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Welcome to Wiser Now’s weekly email blast which reflects my eclectic interests and, I hope, yours. January 31 is Inspire Your Heart with Art Day, and throughout the month we celebrate the birthdays of a variety of artists such as Paul Cezanne (Jan 19, 1839) and Jackson Pollack (Jan 28,1912) but keeping with my commitment to quirkiness, I have chosen to highlight two sculptors, Duane Hanson (Jan 17, 1925- Jan 6, 1996) and Claes Oldenburg (Jan 28, 1929 – still active). Shown here the latter’s 51-foot-long “Spoonbridge and Cherry” a feature since 1985 of Walker Art Center’s Minneapolis Sculpture Garden.

I hope you are finding these offerings fun, and perhaps even useful, and I welcome your feedback. (Kathy@WiserNow.com) And if you haven’t yet pressed the subscribe button so this newsletter doesn’t go to spam, please do so now.

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The Quirky Quote
If I didn't think what I was doing had something to do with enlarging the boundaries of art, I wouldn't go on doing it. ~ Claes Oldenburg

The Quirky Facts
Claes Oldenburg, with the assistance of his wife, Coosje van Bruggen until her 2009 death, literally enlarged art by creating over-sized everyday objects first in soft canvas for indoor displays and then in enduring outdoor art. 

Duane Hanson, on the other hand, created precisely life-size art of human figures. In a process I don’t understand, he created polyester resin and fiberglass casts of real people in specific poses, then painstakingly covered them with oil and acrylic paints, dressed them, and surrounded them with props. They are frequently mistaken for living people.
 
 
The Quirky Observation
Because I aim to bring humor and good cheer to you each week, I would not normally focus on an artist like Duane Hanson, whose subjects did not smile, because in his view, life is hard, and he meant to empathetically show their fatigue and world-weariness. But I am fascinated by how real they are – literally cast from life, and sometimes dressed in the model’s own clothes. And I am pleased that he found beauty in non-idealized, ordinary faces and overweight bodies and dares us to stare long enough to share that view.

The Question
As this week’s quiz briefly illustrates, the subject for over-sized sculptures is limited only by the artist’s imagination. If you were to create an over-sized sculpture, what would it be of and where would you like it to be placed?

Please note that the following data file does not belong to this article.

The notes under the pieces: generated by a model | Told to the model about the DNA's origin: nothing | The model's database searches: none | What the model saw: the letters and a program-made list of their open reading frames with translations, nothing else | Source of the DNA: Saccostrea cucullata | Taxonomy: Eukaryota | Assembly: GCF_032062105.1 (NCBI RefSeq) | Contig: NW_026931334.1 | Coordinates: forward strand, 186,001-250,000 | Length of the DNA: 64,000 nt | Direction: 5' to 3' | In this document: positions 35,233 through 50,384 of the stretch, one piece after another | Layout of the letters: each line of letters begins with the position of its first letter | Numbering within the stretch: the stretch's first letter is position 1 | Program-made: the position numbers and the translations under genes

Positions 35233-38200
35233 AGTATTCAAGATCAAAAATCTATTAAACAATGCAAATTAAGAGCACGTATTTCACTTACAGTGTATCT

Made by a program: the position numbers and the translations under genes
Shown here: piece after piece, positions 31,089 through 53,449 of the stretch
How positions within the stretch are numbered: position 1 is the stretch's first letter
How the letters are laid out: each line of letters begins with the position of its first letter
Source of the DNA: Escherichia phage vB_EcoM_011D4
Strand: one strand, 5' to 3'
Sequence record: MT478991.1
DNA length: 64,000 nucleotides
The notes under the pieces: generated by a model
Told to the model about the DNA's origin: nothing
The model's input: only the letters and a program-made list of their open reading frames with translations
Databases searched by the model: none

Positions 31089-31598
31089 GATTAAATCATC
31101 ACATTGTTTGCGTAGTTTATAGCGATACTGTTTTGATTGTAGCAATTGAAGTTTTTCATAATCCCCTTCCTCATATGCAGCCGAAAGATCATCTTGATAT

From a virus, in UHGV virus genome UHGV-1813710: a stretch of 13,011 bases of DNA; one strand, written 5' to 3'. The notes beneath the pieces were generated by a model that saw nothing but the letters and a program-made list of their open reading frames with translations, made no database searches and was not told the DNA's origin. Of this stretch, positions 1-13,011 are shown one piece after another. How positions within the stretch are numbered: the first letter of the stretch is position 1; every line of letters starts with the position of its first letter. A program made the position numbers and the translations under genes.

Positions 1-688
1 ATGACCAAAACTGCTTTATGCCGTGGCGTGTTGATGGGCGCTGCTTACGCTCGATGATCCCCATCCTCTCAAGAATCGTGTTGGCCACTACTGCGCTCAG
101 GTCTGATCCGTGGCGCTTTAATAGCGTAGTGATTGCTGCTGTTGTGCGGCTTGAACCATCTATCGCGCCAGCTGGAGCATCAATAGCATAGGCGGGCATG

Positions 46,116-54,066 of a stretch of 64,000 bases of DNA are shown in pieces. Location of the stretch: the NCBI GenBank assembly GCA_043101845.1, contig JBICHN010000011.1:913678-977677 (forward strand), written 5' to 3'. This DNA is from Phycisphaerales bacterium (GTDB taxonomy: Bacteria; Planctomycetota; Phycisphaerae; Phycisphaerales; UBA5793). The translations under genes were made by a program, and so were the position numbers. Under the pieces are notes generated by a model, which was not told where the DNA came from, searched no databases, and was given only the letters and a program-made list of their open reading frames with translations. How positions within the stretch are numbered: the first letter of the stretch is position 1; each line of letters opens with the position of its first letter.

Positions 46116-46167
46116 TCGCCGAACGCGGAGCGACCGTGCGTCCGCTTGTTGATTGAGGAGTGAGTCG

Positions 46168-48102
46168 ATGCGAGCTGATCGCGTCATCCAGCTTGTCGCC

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The Quiz- Which One Doesn't Belong? 
Both Claes Oldenburg who enlarged everyday objects, and Duane Hanson who most-often focused on occupations, leaving his subjects nameless, showed a wide-ranging imagination. In the following lists, can you figure out which item was NOT created by the artist? (Note that this is based on my research, but if you can prove me wrong, have at it! Kathy@Wisernow.com.) Check out Resources below or Google either artist to see the works below and more.

1.    Claes Oldenburg, soft sculptures:
       hamburger      baked potato with butter      onion rings      French fries 

2.    Claes Oldenburg, outdoor                     sculptures: 

       saw               hammer     
       clothespin      safety pin
        
3.    Claes Oldenburg, outdoor                     sculptures:

     soccer ball              shuttlecocks           bowling pins and ball   baseball bat

4.    Duane Hanson, leisure activities: 
       man in recliner      tourists      woman with cat      shopper

5.    Duane Hanson, occupations: 
       house painter      waitress      flea market lady      fireman

6.    Duane Hanson, miscellaneous: 
       window washer      housewife      tennis player      surfer

Answers provided at the end of the document. 


The Resources
The format of WNW does not provide space for extensive biographies or all relevant photos. I encourage you to Google these artists and their work. Here are some of my sources:

Answers to the quiz
Doesn’t belong
  1. Onion rings
  2. Hammer
  3. Soccer ball
  4. Woman with cat (but Woman with dog would have been right)
  5. Fireman
  6. Tennis player
A sampling of other oversized outdoor sculptures by Claes Oldenburg: trowel, upside down ice cream cone, typewriter eraser, bow and arrow, rubber stamp, lipstick tube, binoculars . . .

A sampling of other sculptures by Duane Hanson: Woman eating (lots of ice cream), Lunch break, man with camera, man on mower, old couple on bench, cleaning lady, cheerleader, football player, homeless man, body builder, security guard, cowboy, bus stop lady . . .

 
 
My multiple goals are to amuse and inspire you, to share what I and people whom I admire am doing, to stimulate your curiosity and spur you to action. I hope you enjoyed this offering. You can access previous issues here. We welcome your feedback. (Kathy@WiserNow.com)
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